Creating advocates for history through the stories of greater Los Angeles.
Aside from marking the unofficial start of summer, this weekend also marks the start of our annual Sunday Picnic series, which aims to remind us that no matter how young or old you are, this is the season for relaxation, reflection, and fun!
It’s not often that you find the gates to the museum wide open, but on Sundays May 28, June 25, July 30, August 27, and September 24, you can walk in any time between 12 and 4 p.m. to enjoy tours, crafts, games and more. Pack a picnic lunch, get take-out from your favorite restaurant (In-N-Out is a mere 1.6 miles away…just saying), or swing by the local Starbucks (.7 miles away) and bring your treats to the museum. You’ll find shady spots around every corner, and you can even bring your favorite lawn chair—the one with the cup holder!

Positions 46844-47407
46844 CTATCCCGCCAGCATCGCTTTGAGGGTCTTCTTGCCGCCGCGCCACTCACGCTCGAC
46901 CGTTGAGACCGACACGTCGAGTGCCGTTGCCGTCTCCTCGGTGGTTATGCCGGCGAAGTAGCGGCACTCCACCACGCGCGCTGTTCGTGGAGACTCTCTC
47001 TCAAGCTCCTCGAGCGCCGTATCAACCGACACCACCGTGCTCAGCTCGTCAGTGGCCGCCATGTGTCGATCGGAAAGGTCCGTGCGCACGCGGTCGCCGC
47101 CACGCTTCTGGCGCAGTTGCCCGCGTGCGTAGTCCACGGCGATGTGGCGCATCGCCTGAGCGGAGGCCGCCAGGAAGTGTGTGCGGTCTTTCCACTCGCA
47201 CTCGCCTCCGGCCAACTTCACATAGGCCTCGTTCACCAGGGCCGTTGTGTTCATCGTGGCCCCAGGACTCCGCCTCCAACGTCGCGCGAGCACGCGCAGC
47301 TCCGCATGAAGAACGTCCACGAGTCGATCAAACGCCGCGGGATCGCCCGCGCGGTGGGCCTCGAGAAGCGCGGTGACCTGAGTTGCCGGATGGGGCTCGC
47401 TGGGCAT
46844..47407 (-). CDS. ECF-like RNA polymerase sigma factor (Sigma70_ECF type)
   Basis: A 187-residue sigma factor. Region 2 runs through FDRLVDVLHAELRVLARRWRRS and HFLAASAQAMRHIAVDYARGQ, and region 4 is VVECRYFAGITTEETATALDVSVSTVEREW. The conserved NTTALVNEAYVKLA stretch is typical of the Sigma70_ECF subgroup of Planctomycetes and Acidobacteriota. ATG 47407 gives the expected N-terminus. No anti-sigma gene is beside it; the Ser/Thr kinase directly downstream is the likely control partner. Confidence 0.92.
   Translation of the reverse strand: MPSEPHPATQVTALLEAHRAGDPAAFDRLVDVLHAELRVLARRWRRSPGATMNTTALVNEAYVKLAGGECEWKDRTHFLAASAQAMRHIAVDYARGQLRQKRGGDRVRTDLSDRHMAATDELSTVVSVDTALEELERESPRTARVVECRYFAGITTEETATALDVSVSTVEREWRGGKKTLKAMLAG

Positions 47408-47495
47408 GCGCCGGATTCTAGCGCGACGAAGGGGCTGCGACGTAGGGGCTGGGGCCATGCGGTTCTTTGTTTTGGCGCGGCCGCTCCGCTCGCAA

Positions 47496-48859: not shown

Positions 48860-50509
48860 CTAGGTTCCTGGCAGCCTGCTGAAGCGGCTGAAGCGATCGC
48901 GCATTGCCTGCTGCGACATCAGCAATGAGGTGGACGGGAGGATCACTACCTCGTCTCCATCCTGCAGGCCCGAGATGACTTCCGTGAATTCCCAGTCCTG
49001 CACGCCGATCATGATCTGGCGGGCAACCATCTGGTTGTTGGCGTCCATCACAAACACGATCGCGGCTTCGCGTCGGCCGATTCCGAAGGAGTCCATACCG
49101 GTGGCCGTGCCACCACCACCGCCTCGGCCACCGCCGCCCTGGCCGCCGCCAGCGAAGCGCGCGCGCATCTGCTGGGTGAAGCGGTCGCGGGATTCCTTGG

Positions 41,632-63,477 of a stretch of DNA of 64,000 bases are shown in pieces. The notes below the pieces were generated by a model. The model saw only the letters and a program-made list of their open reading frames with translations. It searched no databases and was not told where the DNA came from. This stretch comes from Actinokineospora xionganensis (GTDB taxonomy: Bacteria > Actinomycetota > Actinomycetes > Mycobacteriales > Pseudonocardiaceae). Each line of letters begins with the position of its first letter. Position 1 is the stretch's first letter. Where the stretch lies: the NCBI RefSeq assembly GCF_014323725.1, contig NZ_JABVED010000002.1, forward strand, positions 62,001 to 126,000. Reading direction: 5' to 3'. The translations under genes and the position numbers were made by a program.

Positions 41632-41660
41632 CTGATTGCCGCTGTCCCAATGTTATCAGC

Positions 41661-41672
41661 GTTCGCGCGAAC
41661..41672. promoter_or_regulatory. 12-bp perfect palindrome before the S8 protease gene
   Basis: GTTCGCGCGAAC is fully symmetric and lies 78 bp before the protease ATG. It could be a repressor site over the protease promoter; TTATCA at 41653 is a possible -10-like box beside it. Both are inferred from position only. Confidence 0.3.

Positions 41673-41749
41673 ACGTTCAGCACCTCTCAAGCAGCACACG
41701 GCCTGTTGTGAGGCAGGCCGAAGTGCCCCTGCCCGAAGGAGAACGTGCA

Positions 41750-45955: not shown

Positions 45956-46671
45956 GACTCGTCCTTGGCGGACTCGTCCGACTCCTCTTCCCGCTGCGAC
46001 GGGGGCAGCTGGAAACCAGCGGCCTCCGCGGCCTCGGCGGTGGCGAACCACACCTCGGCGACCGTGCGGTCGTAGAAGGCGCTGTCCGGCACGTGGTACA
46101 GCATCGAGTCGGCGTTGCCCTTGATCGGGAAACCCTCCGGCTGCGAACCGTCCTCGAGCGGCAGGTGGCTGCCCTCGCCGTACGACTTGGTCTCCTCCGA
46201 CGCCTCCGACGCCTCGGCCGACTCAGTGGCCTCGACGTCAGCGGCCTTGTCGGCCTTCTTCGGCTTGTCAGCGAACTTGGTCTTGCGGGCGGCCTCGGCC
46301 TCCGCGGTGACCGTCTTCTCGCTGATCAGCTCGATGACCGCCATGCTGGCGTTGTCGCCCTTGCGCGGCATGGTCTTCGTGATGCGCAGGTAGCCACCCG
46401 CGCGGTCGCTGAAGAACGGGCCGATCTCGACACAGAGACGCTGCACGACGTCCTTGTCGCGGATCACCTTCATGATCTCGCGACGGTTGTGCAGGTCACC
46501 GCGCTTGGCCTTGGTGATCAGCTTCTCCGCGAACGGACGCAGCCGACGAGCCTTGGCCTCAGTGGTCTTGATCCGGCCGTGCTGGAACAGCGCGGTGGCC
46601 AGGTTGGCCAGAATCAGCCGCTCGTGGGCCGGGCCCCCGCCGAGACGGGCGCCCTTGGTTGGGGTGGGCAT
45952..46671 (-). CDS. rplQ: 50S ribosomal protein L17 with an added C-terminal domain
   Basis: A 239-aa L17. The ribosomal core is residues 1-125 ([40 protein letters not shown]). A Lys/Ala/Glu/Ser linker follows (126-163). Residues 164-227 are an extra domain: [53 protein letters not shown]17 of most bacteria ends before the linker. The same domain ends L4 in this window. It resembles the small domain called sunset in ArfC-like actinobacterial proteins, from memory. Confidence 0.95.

Over the next few months we’ll explore a variety of themes including Victorian fitness, native gardens, ice cream, film, and handicrafts. As individual picnic details are finalized, we’ll share more information right here on the blog.
Inspired by the Memorial Day holiday and our current Gallery exhibit and lecture series about America’s involvement in World War I, activities on May 28 will focus on the impact that WWI had, and still has, on popular culture.
While the U.S. was only involved in the conflict between April 6, 1917, and November 11, 1918, 110,000 U.S. military personnel were lost. No one was prepared for the direct impact that WWI would have on so many American lives. If you didn’t lose a family member or friend, you were rationing food or investing in war bonds. It’s no surprise that mention of the war made its way into music, film, literature, crafts, and games.
Among other offerings on Sunday, you’ll be able to explore a playlist of songs including memorable tunes like Let’s Bury the Hatchet (In the Kaiser’s Head); make red paper poppies, a craft inspired by a famous WWI poem, In Flanders Fields; and play a game of Battleships on paper, as it was originally conceived before WWI and adapted for play by soldiers during the conflict.
We hope to see many of you this Sunday, and all summer long!